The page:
BorderTalks1BorderTalks2By Abdoulie John

Resumed border blockade talks between the Gambia and neighbouring Senegal ended in the early hours of Monday with a note of uncertainty after delegates of both countries failed to reach an agreement.

“We are compelled to live together because of our geographical location. We should strive for an harmonious, peaceful coexistence through dialogue, permanent and constructive consultation. It is our common destiny,” Senegal’s Foreign Affairs Minister Mankeur NDIAYE told newsmen at the end of a 14-hour marathon meeting held in Dakar.

Last Sunday, Gambian Foreign Minister Neneh Macdouall Gaye held talks with her Senegalese counterpart Mankeur Ndiaye over the 12-week blockade that has left many businesses in dire shape.

In February this year, President Yahya Jammeh took a ‘controversial decision’ to increase the cost of ferry tariffs across all the country’s crossing points. The decision gave rise to significant political and public reactions in Senegal, with the national transport union deciding to block the traffic within the borders in protest.

Mankeur Ndiaye revealed that the Gambia and Senegal have agreed to meet in July in order to overcome obstacles and stumbling blocks. He welcomed the decision taken by Gambian authorities to rescind ferry crossing ticket prices which jumped from 4000 to 400000 CFA francs thanks to the Gambian leader whose self-bestowed nickname is Babili Mansa, “Bridge Builder”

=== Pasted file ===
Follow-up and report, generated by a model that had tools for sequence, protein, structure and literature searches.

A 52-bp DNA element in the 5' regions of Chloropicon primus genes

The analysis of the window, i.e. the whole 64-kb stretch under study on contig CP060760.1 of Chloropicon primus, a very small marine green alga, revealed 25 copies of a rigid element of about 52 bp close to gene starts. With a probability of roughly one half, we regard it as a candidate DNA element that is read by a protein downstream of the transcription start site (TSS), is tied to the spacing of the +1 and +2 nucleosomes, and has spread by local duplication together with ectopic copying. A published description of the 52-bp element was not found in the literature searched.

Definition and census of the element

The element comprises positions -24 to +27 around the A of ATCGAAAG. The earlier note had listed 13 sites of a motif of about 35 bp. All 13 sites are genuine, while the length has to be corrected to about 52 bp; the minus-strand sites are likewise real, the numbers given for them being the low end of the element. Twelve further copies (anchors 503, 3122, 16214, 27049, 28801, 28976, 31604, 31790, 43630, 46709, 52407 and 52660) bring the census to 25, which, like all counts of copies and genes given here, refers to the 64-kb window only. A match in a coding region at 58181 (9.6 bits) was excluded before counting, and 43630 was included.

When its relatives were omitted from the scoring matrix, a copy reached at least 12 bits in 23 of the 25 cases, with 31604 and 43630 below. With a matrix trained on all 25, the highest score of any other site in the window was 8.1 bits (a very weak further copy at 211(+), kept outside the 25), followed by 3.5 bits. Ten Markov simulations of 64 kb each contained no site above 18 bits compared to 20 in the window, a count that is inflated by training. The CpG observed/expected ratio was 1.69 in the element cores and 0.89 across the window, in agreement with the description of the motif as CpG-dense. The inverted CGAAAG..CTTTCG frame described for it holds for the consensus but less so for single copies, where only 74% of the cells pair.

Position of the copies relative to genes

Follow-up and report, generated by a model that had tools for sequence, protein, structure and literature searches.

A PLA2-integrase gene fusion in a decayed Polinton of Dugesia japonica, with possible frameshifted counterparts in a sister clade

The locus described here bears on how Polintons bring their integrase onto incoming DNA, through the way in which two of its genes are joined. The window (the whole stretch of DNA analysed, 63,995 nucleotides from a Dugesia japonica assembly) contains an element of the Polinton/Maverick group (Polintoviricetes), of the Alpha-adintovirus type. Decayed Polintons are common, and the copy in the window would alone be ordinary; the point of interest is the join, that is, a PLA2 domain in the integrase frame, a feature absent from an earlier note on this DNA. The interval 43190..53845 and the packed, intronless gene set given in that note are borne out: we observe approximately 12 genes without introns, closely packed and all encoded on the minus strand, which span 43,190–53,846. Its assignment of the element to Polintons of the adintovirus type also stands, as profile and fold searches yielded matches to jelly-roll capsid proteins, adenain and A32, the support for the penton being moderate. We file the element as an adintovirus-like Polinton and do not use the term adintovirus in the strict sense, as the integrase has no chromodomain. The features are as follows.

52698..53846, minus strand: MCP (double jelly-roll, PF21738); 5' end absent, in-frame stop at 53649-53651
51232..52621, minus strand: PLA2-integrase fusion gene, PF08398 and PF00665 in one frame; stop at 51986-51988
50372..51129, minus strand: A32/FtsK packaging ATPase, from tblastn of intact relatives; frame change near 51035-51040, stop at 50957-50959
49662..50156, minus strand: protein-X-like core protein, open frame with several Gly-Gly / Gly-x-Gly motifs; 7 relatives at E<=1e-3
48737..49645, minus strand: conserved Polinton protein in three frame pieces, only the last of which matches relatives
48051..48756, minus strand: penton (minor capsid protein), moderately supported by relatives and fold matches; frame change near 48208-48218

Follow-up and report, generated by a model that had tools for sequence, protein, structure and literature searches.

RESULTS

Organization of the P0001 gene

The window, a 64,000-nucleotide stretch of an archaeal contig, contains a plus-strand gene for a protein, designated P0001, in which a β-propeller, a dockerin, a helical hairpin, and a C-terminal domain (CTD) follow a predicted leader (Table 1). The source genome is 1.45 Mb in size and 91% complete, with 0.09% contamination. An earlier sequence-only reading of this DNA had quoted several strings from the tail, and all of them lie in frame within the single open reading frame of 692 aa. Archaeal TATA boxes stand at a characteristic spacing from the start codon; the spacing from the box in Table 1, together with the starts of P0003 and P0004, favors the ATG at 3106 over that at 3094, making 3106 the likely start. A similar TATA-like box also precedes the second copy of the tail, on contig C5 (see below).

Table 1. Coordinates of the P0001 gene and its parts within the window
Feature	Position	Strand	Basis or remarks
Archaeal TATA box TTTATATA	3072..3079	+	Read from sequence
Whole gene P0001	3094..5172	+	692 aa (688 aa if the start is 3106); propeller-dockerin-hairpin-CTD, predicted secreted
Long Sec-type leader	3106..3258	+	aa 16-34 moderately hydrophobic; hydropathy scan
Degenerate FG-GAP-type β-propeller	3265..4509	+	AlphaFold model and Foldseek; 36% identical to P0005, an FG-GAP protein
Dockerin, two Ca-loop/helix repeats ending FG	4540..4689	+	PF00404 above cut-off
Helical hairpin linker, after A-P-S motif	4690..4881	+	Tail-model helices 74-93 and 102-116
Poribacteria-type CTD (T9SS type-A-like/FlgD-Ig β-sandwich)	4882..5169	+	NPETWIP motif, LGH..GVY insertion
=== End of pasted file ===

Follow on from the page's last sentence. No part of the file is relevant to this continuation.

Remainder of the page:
On allegations made by his Gambian counterpart that ECOWAS transporters were being charged exorbitantly in Senegal, prompting Banjul to increase tickets prices in reciprocity as there have been instances where Gambian drivers paid up to 400, 000 CFA francs, Senegalese Foreign Minister said “an investigation was carried out and we were able to confirm that these allegations are unfounded. They are not true.”

The crippling trends regarding the construction of the bridge have compelled many experts to say the bridge on river Gambia that President Yahya Jammeh is not interested in the project endorsed by African Development Bank (ADB) to the tune of 50 billions CFA, is the way to resolve issues of integration, regional trade and free flow of people, goods and services.

When asked by this reporter whether the construction of the bridge poses a threat to Gambia’s sovereignty, Neneh Macdouall Gaye dodged the question, but was quick to reiterate remarks made in plenary session indicating that the main problem for the Gambian side is about the navigability of river Gambia. “The design of the bridge does not allow navigability,” she told reporters.

The final communique that was issued at the end of the meeting remained mute over the Banjul-based Senegalo-Gambian Secretariat tasked with the responsibility to address issues affecting the interests of both countries.

The two foreign ministers reiterated their resolve to strive for the end of the border blockade. But their call is yet to be implemented as the standoff stillcontinuess.



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